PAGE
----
Northwell Health Wants to Buy Its Own Medical Supply Company
The purchase will help New York’s largest hospital network avoid the PPE and ventilator supply chain issues it experienced this spring during the outbreak of the coronavirus pandemic.
New York — Northwell Health, New York’s largest hospital network wants to buy its own medical supply company so that it never again needs to rely on foreign governments, such as China, for its supply of ventilators, personal protective equipment (PPE), nasal swabs and other essential equipment.
The move was prompted in part by Northwell Health’s experience this spring at the start of the COVID-19 pandemic with ventilators it obtained from the state, reports the New York Post. When Northwell received the ventilators, many didn’t work because they were missing parts.
“At one point, our staff members went to hardware stores to purchase garden hoses which they cut up and attached so vents would work,” said Northwell Health executive director Michael Dowling and Northwell’s chief journalist/editor Charles Kenney in a new book about their system’s experience during the coronavirus pandemic, reports the Post.
Northwell’s 23 hospitals treated around 70,000 patients infected with COVID-19. The virus is estimated to have killed more than 32,000 people in New York State.
The health network also used 3D-printed parts to make breathing machines and nasal swabs for patient testing.
Additionally, Northwell said it had to rely on foreign companies for medicines, which Dr. Kevin Tracey, CEO of Northwell’s Feinstein Institute for Medical Research said poses a national security issue.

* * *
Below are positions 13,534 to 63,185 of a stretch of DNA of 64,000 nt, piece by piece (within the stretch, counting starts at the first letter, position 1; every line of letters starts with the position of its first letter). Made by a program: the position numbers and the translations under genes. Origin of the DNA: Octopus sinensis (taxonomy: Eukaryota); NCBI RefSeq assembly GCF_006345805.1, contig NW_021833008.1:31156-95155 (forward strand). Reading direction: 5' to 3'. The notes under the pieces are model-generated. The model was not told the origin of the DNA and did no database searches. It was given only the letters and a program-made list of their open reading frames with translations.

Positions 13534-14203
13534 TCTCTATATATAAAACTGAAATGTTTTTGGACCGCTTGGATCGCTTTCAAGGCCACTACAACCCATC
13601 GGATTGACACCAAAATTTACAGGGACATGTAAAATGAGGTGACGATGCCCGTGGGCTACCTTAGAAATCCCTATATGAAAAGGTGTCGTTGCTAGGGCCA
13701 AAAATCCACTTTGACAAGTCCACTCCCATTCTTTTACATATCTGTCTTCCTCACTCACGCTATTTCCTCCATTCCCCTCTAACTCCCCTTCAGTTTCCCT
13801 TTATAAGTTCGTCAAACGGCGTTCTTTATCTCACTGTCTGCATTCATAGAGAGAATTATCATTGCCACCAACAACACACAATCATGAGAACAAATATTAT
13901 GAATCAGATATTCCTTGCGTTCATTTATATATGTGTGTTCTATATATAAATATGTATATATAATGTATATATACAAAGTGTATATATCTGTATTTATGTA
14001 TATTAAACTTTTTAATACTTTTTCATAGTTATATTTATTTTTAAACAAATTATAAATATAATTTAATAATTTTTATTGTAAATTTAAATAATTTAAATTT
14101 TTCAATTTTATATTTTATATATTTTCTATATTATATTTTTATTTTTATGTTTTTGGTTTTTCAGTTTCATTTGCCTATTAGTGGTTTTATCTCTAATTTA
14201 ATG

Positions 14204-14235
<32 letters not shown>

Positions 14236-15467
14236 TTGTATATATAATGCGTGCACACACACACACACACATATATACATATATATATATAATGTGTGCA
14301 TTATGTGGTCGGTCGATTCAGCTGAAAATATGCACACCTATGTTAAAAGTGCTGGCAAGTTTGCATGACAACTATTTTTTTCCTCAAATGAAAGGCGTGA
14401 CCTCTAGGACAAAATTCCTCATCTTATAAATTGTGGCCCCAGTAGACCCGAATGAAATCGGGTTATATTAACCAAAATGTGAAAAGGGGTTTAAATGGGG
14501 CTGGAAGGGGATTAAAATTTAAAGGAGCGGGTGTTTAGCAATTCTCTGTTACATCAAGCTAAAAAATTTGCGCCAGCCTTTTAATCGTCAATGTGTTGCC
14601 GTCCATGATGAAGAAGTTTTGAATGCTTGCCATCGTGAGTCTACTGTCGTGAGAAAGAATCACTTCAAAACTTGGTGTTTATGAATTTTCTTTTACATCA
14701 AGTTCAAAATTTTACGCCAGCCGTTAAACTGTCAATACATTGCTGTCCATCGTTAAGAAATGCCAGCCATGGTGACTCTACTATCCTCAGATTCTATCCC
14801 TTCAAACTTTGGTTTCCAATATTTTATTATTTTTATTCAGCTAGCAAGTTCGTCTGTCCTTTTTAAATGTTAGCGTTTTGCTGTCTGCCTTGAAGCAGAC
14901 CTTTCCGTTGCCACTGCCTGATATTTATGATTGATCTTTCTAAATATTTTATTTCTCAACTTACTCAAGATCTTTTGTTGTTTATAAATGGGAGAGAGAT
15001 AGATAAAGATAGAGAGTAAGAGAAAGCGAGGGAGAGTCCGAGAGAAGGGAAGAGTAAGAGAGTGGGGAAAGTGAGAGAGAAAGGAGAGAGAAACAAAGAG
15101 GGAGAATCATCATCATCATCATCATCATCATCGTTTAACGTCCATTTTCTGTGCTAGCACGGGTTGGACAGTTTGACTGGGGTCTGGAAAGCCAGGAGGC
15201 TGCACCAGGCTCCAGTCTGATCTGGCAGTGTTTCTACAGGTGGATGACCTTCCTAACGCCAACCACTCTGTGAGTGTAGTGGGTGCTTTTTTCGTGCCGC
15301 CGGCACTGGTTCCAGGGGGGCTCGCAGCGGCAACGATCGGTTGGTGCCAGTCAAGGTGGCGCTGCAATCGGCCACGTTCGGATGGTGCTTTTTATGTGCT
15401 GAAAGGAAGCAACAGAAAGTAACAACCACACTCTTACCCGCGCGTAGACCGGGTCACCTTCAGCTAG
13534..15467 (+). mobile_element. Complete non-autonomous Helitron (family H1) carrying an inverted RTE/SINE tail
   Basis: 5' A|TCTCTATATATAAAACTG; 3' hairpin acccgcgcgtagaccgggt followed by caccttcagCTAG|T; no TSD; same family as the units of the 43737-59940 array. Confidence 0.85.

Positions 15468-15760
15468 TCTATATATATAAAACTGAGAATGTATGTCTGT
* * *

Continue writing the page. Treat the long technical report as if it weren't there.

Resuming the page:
In April, Campus Safety reported on the extraordinary measures many states and hospitals had to take to obtain PPE. Massachusetts Governor Charlie Baker said his state had to hatch a complicated plan to purchase more than 1 million N95 masks from China. Additionally, hospitals relied on the generous donations of PPE and other supplies from the community and corporations.
Northwell Health wants to avoid what happened this spring and control its future supply chain of vital equipment. Since May, the hospital network has been in discussions with a couple of manufacturers.
“You can’t depend on people overseas for supplies when you are in the middle of a war,” Dowling told the Post.
If you appreciated this article and want to receive more valuable industry content like this, click here to sign up for our FREE digital newsletters!
Leading in Turbulent Times: Effective Campus Public Safety Leadership for the 21st Century
This new webcast will discuss how campus public safety leaders can effectively incorporate Clery Act, Title IX, customer service, “helicopter” parents, emergency notification, town-gown relationships, brand management, Greek Life, student recruitment, faculty, and more into their roles and develop the necessary skills to successfully lead their departments. Register today to attend this free webcast!